Smithsonian Voices

From the Smithsonian Museums

Cegape or Strike the Kettle (Lakota, ca. 1841–?). Untitled painting, collected in 1893. North or South Dakota. 20/5176. Most large paintings of this kind focus on a single event, often a battle. This painting, made by a follower of Sitting Bull, shows warriors—figures on horseback carrying lances and shields—within the Lakota way of life. (National Museum of the American Indian, Smithsonian)

144 Years after the Battle of Little Bighorn, Lakota Values Endure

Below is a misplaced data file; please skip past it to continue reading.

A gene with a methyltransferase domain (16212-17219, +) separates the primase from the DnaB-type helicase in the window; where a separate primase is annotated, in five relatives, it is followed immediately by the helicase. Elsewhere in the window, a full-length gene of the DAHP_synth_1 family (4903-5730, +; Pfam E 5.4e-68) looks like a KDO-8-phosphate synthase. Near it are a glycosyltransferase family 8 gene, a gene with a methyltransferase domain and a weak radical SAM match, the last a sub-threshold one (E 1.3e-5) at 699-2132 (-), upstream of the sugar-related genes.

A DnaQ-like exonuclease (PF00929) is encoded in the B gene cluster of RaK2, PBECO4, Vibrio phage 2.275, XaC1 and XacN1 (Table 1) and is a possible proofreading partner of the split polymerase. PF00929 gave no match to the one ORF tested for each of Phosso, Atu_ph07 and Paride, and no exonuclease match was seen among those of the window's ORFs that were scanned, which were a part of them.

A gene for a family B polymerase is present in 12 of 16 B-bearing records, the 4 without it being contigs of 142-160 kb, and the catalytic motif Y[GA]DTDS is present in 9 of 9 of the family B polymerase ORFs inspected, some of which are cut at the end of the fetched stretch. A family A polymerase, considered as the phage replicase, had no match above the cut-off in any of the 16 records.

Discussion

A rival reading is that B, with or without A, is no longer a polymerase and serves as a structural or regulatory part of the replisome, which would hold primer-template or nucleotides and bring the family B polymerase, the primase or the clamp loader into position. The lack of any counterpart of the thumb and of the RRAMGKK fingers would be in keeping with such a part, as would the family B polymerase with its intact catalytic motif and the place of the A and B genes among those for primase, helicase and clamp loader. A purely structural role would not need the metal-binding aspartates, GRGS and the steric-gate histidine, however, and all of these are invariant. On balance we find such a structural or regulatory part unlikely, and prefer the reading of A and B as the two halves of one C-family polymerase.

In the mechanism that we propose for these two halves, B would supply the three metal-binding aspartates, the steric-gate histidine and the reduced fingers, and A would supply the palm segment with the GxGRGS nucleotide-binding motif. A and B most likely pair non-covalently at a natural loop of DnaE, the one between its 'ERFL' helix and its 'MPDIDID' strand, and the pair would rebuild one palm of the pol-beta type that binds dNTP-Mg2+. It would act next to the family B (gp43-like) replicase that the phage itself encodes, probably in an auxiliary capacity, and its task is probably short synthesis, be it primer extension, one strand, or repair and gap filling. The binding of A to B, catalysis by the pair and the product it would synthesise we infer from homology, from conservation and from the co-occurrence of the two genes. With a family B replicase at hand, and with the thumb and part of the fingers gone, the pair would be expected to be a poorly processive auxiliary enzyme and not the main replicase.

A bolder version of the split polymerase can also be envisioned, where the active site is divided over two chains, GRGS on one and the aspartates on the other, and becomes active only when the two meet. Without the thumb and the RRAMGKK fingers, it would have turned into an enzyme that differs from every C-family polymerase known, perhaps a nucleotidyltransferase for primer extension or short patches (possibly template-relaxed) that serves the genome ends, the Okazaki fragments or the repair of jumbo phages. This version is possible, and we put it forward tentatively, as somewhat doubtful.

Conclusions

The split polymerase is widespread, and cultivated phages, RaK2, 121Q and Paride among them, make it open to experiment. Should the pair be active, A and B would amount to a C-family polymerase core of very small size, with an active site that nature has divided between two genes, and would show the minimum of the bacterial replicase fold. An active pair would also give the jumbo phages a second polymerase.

On June 25 and 26, 1876, warriors of the Lakota, Cheyenne, and Arapaho nations defeated Lt. Colonel George Armstrong Custer and the U.S. Army’s 7th Cavalry at the Battle of Little Bighorn. Americans have always remembered the battle. What we often forget are the difficult decisions tribal leaders made afterward to ensure the safety of their people. The values that guided them then—generosity, perseverance, bravery, and wisdom—continue to serve the Lakota people today.